How to be more organized with task lists

Productivity Arata! If you’re having trouble organizing, today’s tip is to use task lists. Lists will help you reach your goals and, above all, will make you less of a stressed, unorganized and forgetful person.

Think about that recent moment when you forgot to do something important. Didn’t that cause frustration, stress, a feeling of guilt? Well, if you had a list on which you could mark whether something is finished, everything would be easier.

1. The task list reduces our stress

In order for your brain to function at its maximum potential, you don’t want to waste brainpower on nervousness or unnecessary stress. If you use lists to organize yourself, you can avoid a load of anxiety that comes from not having control over things.

What is the advice that we give to those busy friends that complain they have a million things to do?

The first thing is to be calm, breathe deeply and do one thing at a time. The worst thing there is to lose focus, trying to do many things at once and not doing anything right  

All that fuels the fear of not being able to handle it. But as soon as we start creating lists, our anxiety fades down because now we know we won’t forget something important. It’s written down.

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2. The task list improves the chances of achieving goals

Professor Gail Matthews performed a study with 267 participants and observed that the act of writing our tasks improves the chances of accomplishment. That’s connected to the fact that by writing we earn more consciousness and commitment to the task.

Think about it: if I’m too lazy to even write a sentence about it, will I really be motivated to do it?

3. The dynamics between planning and executing

In order to stop suffering from anxiety, we need to have the global picture, to know what exactly are the priority tasks, to know which ones are optional, what is the hierarchy of importance (this is called the planning phase, which can be finished quickly), and then move on to the execution phase.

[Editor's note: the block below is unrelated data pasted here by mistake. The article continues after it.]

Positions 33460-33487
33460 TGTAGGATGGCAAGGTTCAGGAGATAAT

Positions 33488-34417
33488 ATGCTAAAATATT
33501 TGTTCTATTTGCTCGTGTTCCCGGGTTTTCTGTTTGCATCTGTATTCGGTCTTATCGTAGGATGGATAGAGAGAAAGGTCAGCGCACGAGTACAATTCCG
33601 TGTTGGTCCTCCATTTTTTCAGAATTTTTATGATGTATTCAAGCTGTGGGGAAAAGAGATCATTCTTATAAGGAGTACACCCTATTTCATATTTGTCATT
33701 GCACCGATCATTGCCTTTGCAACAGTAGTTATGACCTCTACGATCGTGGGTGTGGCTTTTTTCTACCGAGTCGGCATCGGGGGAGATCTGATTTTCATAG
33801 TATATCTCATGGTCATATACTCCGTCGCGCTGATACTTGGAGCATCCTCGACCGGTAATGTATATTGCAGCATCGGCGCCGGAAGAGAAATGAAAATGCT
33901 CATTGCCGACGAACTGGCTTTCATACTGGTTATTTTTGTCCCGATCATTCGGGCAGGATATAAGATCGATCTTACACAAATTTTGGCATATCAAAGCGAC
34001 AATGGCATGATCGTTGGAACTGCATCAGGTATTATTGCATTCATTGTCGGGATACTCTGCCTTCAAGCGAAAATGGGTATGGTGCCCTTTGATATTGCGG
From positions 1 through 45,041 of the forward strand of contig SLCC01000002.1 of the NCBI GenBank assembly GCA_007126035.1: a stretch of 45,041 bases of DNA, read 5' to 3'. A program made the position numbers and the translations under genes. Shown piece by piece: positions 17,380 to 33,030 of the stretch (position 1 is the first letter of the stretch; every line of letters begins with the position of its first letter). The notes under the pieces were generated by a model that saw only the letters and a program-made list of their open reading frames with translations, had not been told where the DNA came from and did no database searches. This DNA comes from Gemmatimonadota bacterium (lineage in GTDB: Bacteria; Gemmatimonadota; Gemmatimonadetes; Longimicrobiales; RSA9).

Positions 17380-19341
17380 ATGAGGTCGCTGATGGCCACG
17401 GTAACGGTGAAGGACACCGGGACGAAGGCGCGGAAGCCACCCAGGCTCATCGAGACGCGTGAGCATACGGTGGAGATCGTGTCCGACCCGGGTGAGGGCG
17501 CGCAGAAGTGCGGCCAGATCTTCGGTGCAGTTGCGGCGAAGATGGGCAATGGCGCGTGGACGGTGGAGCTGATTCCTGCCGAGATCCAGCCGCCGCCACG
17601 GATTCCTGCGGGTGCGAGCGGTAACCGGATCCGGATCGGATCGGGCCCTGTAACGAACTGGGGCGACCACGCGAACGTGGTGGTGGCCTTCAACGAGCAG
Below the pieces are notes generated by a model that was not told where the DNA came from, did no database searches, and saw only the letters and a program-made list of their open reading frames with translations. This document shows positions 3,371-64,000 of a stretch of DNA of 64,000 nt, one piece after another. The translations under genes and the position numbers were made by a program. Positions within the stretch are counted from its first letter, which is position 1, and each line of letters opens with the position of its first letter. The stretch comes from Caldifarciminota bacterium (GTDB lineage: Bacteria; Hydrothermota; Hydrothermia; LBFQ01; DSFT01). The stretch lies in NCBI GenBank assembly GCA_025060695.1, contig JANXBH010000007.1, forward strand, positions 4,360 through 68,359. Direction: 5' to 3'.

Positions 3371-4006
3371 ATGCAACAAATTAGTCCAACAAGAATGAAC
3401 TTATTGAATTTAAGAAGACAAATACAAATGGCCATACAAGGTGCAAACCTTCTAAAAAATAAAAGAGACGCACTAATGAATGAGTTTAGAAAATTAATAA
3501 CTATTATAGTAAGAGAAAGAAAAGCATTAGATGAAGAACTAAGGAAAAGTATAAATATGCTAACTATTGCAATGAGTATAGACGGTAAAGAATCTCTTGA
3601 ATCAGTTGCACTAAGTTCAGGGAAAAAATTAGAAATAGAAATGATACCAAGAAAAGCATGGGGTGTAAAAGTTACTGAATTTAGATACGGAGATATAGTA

No plan is perfect when it is conceived. Every plan needs to be updated as it is performed. Maybe while executing it we realize that we have to change the hierarchy of some tasks, that we can delete other tasks or even add new tasks. In other words, the planning and execution phases aren’t completely separated. 

If you have been following Arata Academy’s work, be it here through our free YouTube videos (subscribe) or through our advanced courses for our students, you have realized that I always emphasize the value of getting things done, of executing the actions that bring us results.

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But at the same time, we have to realize the value of the planning phase, since it is the one that allows for a correct execution. I repeat: Without good planning there is no good execution. 

4. How to create your lists

First, you will write down the tasks, it doesn’t matter if you will use paper and pen or some digital app. Write down everything you need to do.

After writing, it’s time to organize your list separating tasks by the area of your life (professional, familiar, academic, list of groceries for the house) and, finally, the priority. I have explained this in detail in this link.

I really want you to watch that video so that you understand the structure of time management in order to get organized with task lists. In the next video of our Productivity Arata series I’ll go on, alright?

The most important thing in this process, for those who want to be more organised with their task lists, is to know the three priority tasks. You will dedicate yourself to them.

And regarding the others, you will actively AVOID them. If it’s not a priority, don’t do it! Finish the priority first.

And if by chance your priority activity takes a long time, many hours or many days to be performed, break it down. Divide this activity in smaller pieces so that you can finish the priority and dedicate a bit of the rest of the time to things that aren’t a priority but also important for having balance in your life. That’s the healthy focus that we will achieve.

Your task list is always a helpful tool. When you start to feel scared to even look at your task list, that means it is a mess and you’re not differentiating between different contexts and dimensions in your life. Maybe it doesn’t have priorities. Maybe the tasks aren’t clear or aren’t even doable.

Visit this link here now to see a more detailed video about the top mistakes and what to do to avoid them.